By Robbie Broughton
We all know Eroica Britannia as that glorious celebration of vintage bikes and clothing that has us nostalgically waxing lyrical about the joys of steel and merino wool. But they have just announced the inaugural Nova Eroica Britannia event which features many of the gravel paths that we’ve come to love and enjoy as well as some great climbs and descents in the Derbyshire hills. It’s named ‘nova’ because, shock horror, it’s ridden on modern bikes.
Gravel riding has enjoyed something of a resurgence in recent years. The Strade Bianche on which the original L’Eroica is ridden has, since 2007, become a major professional event with many a modern rider embracing the challenge of racing on these ancient farm tracks that have escaped being paved over by tarmac. It’s rapidly become something of a Spring Classic with the likes of Fabian Cancellara, Philippe Gilbert and Michal Kwiatkowski among its victors.
In fact us roadies have shown such a love for going off-road that a whole raft of gravel events have been spawned. La Resistance which sets off from the shores of Lake Annecy every September to tackle some of the high Alpine tracks has heretofore diehard road cyclists swapping their skinny tyres for treaded 28 mm chunks of rubber. The old man of the gravel scene remains the Dirty Kanza in the US which is now so well established that it features a whole weekend’s worth of activities in addition to the ride itself: a ‘gravel expo’, no less.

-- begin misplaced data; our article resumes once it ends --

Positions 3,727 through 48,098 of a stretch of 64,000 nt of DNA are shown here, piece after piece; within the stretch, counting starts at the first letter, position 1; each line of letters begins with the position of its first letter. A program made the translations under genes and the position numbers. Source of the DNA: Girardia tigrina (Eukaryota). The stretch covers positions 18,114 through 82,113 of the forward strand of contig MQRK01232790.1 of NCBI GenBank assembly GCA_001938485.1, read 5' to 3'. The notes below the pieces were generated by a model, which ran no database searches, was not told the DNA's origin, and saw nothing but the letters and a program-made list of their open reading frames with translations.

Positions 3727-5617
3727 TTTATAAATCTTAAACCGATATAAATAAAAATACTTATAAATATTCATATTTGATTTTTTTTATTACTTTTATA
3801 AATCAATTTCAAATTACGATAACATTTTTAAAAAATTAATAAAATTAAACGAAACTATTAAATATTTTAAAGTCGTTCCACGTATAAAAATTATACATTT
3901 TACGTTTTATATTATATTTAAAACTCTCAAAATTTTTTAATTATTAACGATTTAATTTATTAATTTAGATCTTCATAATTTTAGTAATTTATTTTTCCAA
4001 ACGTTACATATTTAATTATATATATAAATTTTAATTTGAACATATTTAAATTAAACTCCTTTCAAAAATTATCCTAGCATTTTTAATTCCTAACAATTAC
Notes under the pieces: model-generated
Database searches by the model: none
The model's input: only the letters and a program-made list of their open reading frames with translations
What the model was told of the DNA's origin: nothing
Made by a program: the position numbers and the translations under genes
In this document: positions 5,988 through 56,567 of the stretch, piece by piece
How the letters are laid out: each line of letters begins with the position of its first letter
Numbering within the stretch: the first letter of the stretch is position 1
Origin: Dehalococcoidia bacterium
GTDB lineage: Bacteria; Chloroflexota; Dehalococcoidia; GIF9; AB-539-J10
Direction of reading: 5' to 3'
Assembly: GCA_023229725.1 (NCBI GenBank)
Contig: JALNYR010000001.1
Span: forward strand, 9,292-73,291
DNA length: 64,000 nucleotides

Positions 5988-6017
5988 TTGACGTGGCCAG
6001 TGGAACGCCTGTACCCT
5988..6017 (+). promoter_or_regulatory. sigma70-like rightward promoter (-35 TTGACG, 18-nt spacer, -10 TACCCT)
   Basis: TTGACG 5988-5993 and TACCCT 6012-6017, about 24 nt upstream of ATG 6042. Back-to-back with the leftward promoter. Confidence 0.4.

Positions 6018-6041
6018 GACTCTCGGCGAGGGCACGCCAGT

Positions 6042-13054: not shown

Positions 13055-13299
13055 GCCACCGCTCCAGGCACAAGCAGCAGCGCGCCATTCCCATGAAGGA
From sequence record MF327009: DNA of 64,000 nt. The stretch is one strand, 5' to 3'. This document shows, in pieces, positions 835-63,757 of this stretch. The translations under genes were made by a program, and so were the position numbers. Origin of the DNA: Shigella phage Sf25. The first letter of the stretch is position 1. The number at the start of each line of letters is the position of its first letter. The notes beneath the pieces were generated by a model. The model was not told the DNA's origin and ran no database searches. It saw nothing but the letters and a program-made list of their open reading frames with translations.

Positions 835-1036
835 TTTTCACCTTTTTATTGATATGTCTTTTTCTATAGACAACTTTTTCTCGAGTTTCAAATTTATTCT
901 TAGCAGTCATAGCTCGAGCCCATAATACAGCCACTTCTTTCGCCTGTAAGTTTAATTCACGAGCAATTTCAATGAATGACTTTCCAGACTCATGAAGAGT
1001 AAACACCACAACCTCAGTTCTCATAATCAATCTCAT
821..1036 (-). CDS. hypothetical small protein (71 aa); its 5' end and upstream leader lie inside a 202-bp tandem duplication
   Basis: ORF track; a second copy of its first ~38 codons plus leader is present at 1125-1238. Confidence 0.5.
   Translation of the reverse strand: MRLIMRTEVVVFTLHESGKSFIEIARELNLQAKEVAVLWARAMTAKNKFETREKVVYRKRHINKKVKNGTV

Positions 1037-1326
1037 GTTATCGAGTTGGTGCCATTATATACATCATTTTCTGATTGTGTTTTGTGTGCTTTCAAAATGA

Meanwhile this year’s Tour de France continues the trend when the peloton will have to tackle the partially graveled Plateau des Gileres as part of the 159km stage to Le Grand Bornand. It seems that we’re all harking after a piece of true grit.
The Eroica Nova organizers explain that their vintage ride “was never about recreating the past. Instead it was to inspire people to cycle on routes that had been typically reserved for agricultural transport in preceding decades.” It was later that the classic pre 1987 bike rule was introduced “which encouraged the beauty of fatigue and the thrill of the conquest.”
As well as grinding your way over numerous gravel sections, Nova Eroica Britannia gives you the opportunity to test you and your modern bike on some of the region’s toughest climbs: Winnat’s Pass, The Dale, Sir William Hill, Bakewell Forest, Beeley Moor and High Peak Junction. There are four timed sections scattered throughout the route with prizes for 1st, 2nd and 3rd on each one.
The route is a 86 miles in total, but that’s still a tough challenge, even on a modern bike. There are over 2,000m of climbing meaning that it’ll take you between 6 to 8 hours to complete it. Because of the rough terrain you should have at least 28mm thick tyres.
It all takes place on Saturday 16th June and you will also have access to the Eroica Britannia site for the whole weekend. The tough guys will be swapping their carbon for steel, and lycra for merino, the following day when the Classic event takes place. Looks like a great challenge and another glorious Eroica ride.
More details and tickets here.